Tag Archives: The Road to Winter

Interview with Mark Smith about The Road to Winter

Mark Smith is the author of the amazing new YA book, The Road to Winter.  I absolutely loved The Road to Winter, from the first page to the last!  It’s a thrilling story of survival in the aftermath of a virus that wipes out the population. Check out my review here.

I was thrilled to have the chance to interview Mark about The Road to Winter.  Read on to find out what he couldn’t live without, what inspired him to write The Road to Winter and what books you should read next if you like his book.

9781925355123

  • What inspired you to write The Road to Winter?

The Road To Winter (TRTW) evolved from a short story I wrote in 2013, entitled Breathing In and Out. When I decided to turn it into a novel I was determined to write a page turner that would engage younger and older readers alike. It is largely an adventure story told through the eyes of a sixteen year old boy – but it touches on a number of very relevant issues, including conflict, attitudes to violence, relationships, loyalty and the treatment of asylum seekers.

  • The Road to Winter is set in the aftermath of a virus that wipes out a significant part of the population.  Would you survive if you were in Finn’s position?

I’d like to think I would! The advice when writing is to “write what you know” and Finn’s understanding of the environment – and how to survive in it – is largely my own. He hunts, fishes, grows veggies and trades food. I think the hardest test Finn faces is the isolation – which, of course, is broken when Rose arrives in town in need of his help.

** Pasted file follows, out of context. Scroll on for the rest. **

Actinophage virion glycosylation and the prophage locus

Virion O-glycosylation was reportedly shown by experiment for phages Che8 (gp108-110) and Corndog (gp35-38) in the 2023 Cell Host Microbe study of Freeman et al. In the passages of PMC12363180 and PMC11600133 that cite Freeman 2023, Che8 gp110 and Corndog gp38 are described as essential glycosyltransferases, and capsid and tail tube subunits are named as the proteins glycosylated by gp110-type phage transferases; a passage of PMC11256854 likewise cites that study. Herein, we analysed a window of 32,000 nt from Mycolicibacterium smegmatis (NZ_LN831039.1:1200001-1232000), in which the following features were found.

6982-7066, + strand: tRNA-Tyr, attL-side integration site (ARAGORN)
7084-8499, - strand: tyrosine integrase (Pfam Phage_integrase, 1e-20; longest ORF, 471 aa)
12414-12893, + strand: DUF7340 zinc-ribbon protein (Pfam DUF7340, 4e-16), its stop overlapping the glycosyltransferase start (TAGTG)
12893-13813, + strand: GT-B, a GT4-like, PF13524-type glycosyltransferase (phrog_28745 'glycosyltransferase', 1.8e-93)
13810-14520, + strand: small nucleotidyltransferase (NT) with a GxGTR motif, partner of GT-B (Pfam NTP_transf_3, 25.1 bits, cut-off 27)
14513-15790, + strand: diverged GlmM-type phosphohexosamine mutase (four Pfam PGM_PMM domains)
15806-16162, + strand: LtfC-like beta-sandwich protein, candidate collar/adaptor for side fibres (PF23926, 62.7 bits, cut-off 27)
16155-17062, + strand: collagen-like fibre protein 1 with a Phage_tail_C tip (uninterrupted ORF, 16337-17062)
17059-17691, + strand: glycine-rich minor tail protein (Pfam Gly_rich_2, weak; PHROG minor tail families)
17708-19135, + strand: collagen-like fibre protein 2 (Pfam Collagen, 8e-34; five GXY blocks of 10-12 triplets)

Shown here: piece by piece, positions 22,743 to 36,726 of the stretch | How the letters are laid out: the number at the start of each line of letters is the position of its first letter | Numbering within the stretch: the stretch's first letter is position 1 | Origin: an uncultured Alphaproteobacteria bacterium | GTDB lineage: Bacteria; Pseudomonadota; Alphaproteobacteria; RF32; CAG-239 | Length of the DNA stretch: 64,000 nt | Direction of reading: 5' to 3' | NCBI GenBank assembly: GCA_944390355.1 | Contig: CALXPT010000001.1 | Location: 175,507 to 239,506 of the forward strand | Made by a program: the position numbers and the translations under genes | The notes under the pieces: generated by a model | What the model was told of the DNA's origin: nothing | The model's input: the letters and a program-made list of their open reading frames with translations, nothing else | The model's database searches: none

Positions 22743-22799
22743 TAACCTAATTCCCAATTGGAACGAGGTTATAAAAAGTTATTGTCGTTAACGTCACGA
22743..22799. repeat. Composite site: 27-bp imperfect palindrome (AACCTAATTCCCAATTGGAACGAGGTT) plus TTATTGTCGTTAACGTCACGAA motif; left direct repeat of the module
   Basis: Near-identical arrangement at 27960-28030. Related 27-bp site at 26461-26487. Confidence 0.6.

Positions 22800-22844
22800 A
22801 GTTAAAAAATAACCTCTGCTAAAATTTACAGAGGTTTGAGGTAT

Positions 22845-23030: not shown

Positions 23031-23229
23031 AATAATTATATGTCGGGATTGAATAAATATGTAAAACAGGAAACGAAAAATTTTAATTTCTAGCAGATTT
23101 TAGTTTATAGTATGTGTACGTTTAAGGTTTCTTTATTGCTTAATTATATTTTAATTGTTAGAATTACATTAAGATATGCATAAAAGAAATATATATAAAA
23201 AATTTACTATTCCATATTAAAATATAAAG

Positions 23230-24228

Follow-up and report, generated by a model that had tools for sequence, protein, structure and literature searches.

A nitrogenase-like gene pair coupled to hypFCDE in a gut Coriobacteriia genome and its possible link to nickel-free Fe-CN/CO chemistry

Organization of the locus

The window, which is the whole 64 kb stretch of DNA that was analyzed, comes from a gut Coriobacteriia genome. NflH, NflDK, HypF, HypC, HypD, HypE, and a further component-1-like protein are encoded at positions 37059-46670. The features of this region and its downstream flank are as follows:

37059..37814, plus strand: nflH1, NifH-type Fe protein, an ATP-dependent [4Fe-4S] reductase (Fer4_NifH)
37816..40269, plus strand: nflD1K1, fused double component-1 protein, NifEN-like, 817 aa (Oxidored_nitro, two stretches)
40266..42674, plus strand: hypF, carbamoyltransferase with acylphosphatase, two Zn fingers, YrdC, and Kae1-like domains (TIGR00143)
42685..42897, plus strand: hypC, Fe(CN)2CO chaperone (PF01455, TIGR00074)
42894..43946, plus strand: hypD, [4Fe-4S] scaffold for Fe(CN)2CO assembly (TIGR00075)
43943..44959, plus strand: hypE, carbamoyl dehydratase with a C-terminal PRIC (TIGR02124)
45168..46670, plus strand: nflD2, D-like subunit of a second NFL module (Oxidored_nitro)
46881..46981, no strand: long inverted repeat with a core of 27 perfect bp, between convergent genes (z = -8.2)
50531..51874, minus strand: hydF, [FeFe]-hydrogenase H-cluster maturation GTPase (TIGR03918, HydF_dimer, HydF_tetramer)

• What is one thing that you absolutely couldn’t live without?

Coffee! I actually thought of weaving that idea into the story somewhere but it didn’t make the cut. When you are creating a dystopia there are lots of these decisions you need to make – what’s still there and what’s not. In TRTW though, I deliberately didn’t take a lot of time to explain the dystopia because I wanted it to be a character driven novel, rather than one dealing just with the consequences of living in a post-apocalyptic world.

  • Finn has his dog Rowdy but who would you want by your side if you were in Finn’s situation?

Finn feels the loss of his family very deeply and I certainly would too. If I were forced to survive in a world like his, I’d want my family there with me to help!

  • What is your favourite survival story and why?

As an outdoor education teacher I’m a huge fan of adventure non-fiction. I consume books about survival in extreme circumstances – Jon Krakauer’s Into Thin Air and Joe Simpson’s Touching The Void. Simpson’s story is an incredible tales of survival. I’d also recommend the account of Ernest Shackleton’s epic journey of survival in Antarctica in 1914 and Tim Cope’s On The Trail of Genghis Khan.

  • The Road to Winter is your first book.  How was your road to publication?